Secondly, this pastor may have the broken love style of the “Avoider” or “Controller”.  Sadly, many leaders are unaware of their dark side or broken parts and blindly trust that all “leading from the Lord” or “call to ministry” is completely from God, never suspecting that the “still small voice” within may simply be their own injuries echoing off the canyon walls of their heart.
This pastor has directly contributed to the problem at hand.  Even though he might have been technically proficient and competent to the public, he was anything but warm and inviting with his wife and family at home.  The Bible says, “You reap what you sow” and with a zero percent investment in bonding with his wife, he had left his spouse subject to dissatisfaction fantasies and affairs.
As a side note and unrelated to this call, another group “Vacillators” are very prone to fantasizing about “ideal” fairy tale love and over time can grow dissatisfied with anything less.  So a spouse could be doing as much as humanly possible to win them over, but anything less than perfection will make them angry with you and cast them off into their fantasy world of dreams of perfect love.
Sue was a Pleaser though, and was trying to make everyone happy, God, her pastor husband, her old boyfriend and even herself.

Our advice to Sue?

Sue needed to own her pleaser tendencies and learn more about her broken love style.  Pleasers tend to go along with things and don’t have a strong sense of self.  They often are not able to tell you what they need for they are under developed in self-awareness and weak at asking for their own needs to be met.  They also have an under developed emotion of anger.

Anger draws lines in the sand and yet they struggle to make boundaries that stick because anger after all is a “separating emotion” which makes the pleaser anxious so they abort challenging confrontations because it is too threatening to them.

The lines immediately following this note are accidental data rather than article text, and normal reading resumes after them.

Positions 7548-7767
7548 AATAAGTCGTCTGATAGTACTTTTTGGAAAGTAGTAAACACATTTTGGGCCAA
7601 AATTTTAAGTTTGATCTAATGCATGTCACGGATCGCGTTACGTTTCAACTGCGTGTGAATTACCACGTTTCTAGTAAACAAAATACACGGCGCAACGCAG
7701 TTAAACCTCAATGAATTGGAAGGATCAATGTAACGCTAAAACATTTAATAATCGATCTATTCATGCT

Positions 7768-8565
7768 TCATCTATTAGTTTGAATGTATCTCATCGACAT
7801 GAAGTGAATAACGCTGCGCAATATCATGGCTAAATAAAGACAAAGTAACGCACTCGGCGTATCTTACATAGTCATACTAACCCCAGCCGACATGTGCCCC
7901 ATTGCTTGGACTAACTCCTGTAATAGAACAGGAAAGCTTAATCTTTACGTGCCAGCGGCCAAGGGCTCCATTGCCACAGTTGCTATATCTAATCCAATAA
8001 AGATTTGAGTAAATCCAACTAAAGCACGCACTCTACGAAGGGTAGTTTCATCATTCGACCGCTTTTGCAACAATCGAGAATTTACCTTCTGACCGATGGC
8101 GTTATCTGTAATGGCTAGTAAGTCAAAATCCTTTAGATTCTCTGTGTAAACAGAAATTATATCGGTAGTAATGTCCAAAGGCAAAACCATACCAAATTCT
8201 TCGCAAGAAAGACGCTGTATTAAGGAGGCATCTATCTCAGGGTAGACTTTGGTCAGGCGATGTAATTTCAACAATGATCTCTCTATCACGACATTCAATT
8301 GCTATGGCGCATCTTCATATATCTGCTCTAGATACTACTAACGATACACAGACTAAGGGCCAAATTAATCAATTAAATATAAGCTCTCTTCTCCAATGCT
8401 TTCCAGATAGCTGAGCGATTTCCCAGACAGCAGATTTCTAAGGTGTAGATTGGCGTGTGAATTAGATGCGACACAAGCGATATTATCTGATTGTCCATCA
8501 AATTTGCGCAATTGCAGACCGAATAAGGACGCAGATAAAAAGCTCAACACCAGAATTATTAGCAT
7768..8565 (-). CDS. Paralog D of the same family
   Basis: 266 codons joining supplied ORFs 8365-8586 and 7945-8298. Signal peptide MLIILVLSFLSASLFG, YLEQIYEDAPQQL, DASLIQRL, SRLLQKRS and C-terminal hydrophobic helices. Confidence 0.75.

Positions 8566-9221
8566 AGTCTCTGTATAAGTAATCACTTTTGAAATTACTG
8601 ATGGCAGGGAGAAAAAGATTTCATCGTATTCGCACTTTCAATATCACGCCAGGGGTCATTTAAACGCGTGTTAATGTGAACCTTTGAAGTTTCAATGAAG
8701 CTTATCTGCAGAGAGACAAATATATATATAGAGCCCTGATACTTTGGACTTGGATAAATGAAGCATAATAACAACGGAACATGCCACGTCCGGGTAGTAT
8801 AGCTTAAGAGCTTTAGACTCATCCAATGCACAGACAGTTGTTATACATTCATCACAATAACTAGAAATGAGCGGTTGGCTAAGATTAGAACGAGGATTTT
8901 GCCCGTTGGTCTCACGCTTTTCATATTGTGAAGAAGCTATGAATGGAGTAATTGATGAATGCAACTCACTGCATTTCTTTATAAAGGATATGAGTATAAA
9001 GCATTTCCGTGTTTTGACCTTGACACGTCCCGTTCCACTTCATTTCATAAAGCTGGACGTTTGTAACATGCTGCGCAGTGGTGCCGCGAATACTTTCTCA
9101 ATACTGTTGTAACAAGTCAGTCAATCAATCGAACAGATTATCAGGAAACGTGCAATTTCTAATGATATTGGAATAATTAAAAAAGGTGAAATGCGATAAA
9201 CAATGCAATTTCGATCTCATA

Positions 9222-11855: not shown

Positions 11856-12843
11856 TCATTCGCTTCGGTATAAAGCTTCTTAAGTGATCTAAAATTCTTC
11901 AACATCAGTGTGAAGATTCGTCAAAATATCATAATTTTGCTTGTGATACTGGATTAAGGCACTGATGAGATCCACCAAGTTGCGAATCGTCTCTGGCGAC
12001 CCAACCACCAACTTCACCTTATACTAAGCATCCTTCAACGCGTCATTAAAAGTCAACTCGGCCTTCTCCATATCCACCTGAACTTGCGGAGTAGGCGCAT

Sue needs to tell her husband the truth as to what happened as well as describe how the dysfunctional marriage pattern had created a “set up” to make her susceptible to temptation.

She also needed to repent and apologize, realizing that no matter what a spouse might do to hurt or neglect us, we are never allowed to rationalize and disobey God.

Even though Sue had not committed the physical act of adultery, she had been walking on thin ice and flirting with disaster.

As a couple, they need to be in an emotionally based couple’s therapy program where they can learn to connect and bond.  For without bonding, their marriage is doomed to suffer from mediocrity or ultimately failure.

Lastly, if her husband refuses to repent himself and comply with the above directives, she needs to needs to tell the church governing board of the chronic spousal neglect she has suffered in the name of God.  Hopefully, the pastor won’t have the board buffaloed as well.

RECOMMENDED READING: (simply click the title to learn more)

The Emotionally Healthy Church, by Peter Scazzero with its accompanying workbook: The Emotionally Healthy Church Workbook

Overcoming the Dark Side of Leadership: The Paradox of Personal Dysfunction By Gary McIntosh.

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NEXT WEEK:
Bill from Billings, Montana: “Depression, Anxiety and Addictions.”

Love,
Milan and Kay